Take the Top Drawers- Bending over and rifling through a dresser drawer to find an article of clothing can be difficult to do without causing breathlessness. Keep your “often worn” articles of clothing in the top drawers to prevent yourself from bending over for prolonged periods of time. If you must share a dresser or bureau with your partner or spouse, ask them if you can have the drawers closer to the top to make it easier to find and retrieve articles of clothing.


Eliminate Perfumes and Strong Scents – Using heavily scented perfumes and grooming products is a sure way to set off a reactive airway. If you become breathless when exposed to strong scents, try fragrance free shampoos, deodorants, and other grooming products. Avoid aerosols and powders that can be easily inhaled and cause lung irritation and shortness of breath.


Don’t Let Your Clothing Restrict Your Breathing – Many of my patients have found that wearing belts can cause them to feel breathless. Many women have opted for pants that have an elastic or stretchy waist band and many of the men have opted for suspenders to avoid feeling breathless while wearing a belt. Women should also avoid tight fitting bra straps that can restrict their breathing instead try comfortable breathable sports bras or camisoles with built in bras for support.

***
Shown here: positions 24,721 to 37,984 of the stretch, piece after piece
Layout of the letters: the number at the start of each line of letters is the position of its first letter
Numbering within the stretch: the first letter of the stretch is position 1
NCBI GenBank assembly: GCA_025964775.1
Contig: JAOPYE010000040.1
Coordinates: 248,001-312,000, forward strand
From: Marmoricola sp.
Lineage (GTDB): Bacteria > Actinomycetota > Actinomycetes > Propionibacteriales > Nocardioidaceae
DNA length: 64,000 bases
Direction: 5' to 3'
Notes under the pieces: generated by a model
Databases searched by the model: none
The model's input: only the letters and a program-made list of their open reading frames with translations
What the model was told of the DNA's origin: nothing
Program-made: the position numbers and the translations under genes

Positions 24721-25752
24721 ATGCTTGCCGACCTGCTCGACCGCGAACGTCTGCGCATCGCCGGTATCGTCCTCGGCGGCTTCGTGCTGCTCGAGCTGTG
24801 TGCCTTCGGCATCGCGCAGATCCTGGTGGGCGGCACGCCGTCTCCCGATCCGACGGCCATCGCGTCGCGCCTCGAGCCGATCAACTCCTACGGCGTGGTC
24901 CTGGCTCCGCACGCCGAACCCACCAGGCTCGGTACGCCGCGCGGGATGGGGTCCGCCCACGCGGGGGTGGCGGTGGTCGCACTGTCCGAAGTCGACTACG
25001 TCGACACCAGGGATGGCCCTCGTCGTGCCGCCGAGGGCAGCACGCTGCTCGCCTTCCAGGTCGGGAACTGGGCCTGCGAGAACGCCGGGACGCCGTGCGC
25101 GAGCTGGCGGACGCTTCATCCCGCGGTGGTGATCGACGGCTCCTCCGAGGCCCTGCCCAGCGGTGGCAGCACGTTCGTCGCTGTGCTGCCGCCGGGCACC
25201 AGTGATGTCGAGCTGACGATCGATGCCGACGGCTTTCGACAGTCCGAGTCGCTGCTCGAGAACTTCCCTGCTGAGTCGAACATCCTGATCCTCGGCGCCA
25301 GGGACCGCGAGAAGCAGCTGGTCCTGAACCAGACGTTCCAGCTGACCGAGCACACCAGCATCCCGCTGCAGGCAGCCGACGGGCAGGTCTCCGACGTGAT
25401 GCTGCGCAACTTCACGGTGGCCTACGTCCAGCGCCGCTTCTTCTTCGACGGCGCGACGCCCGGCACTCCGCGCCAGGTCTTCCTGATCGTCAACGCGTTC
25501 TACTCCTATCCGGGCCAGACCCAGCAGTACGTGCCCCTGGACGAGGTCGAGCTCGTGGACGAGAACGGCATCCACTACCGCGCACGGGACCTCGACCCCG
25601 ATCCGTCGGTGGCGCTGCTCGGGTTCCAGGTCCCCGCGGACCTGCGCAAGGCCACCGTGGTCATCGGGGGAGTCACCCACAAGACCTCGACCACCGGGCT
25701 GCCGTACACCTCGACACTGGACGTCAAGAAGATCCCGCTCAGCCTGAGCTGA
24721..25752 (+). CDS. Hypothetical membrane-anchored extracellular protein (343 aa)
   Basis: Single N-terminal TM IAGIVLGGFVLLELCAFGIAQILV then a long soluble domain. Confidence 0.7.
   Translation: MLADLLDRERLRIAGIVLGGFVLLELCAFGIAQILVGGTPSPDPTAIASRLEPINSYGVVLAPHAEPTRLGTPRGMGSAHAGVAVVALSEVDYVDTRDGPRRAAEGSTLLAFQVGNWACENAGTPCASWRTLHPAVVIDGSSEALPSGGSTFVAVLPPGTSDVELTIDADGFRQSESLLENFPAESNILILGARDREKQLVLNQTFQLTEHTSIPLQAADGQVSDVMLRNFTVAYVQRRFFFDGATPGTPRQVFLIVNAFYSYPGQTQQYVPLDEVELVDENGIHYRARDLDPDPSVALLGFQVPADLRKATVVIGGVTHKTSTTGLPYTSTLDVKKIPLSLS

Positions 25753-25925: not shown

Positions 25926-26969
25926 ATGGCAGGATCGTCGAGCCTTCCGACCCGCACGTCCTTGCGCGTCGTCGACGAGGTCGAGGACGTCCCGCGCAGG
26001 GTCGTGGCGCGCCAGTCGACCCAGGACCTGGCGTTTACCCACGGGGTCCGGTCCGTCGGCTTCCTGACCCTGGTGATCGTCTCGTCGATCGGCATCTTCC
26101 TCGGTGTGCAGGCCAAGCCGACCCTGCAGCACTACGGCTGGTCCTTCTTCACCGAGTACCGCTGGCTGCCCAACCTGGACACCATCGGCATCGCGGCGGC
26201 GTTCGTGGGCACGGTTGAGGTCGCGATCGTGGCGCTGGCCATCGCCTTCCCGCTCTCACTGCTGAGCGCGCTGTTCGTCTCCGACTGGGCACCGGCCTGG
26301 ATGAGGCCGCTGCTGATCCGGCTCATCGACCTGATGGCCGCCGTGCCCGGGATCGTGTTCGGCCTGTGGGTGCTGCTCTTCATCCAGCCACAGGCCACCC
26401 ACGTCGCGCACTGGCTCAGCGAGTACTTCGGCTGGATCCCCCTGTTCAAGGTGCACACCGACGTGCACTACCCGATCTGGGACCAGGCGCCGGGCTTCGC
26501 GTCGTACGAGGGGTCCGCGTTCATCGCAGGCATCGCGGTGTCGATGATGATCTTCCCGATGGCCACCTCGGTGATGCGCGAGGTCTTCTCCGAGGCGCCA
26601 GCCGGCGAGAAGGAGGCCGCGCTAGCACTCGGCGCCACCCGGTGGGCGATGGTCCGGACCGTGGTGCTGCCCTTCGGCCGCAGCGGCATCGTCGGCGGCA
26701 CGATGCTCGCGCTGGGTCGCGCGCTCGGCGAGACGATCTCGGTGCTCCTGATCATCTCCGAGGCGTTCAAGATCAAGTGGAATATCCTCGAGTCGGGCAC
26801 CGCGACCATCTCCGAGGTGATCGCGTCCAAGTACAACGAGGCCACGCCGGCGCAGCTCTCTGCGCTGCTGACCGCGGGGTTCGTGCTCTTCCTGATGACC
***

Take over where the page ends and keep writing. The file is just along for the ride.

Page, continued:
Slip On Your Shoes – Lung patients really feel breathless bending over to tie their shoes. I recommend when appropriate, wear a shoe that you can easily slip on. Also, if you check out my Life Hacks blog, you can convert laces that tie to elastic laces that look similar to the original. You may also benefit from the use of a long shoe horn to prevent you from having to bend over to assist with putting on your shoe. Avoid flip flops and any shoes that could come loose and cause a fall.



Dress in Layers – People with lung conditions do not typically like to wear heavy articles of clothing. Heavy jackets and sweaters can put weight on your shoulder muscles that are often used as accessory muscles to breathe. Dress in layers that are easily removed if you get warm. There are so many insulating light fabrics from worldwide brands like Nike, Reebok, and Under Armour that make warm clothing without the weight.


Do you have any other suggestions to make mornings and getting ready for the day easier? Please feel free to share them in the comments below. I would love to hear your ideas that I can share with other BreatheLiveFit readers!


Thanks for Reading!


Remember: We are in this TOGETHER!


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:)Christina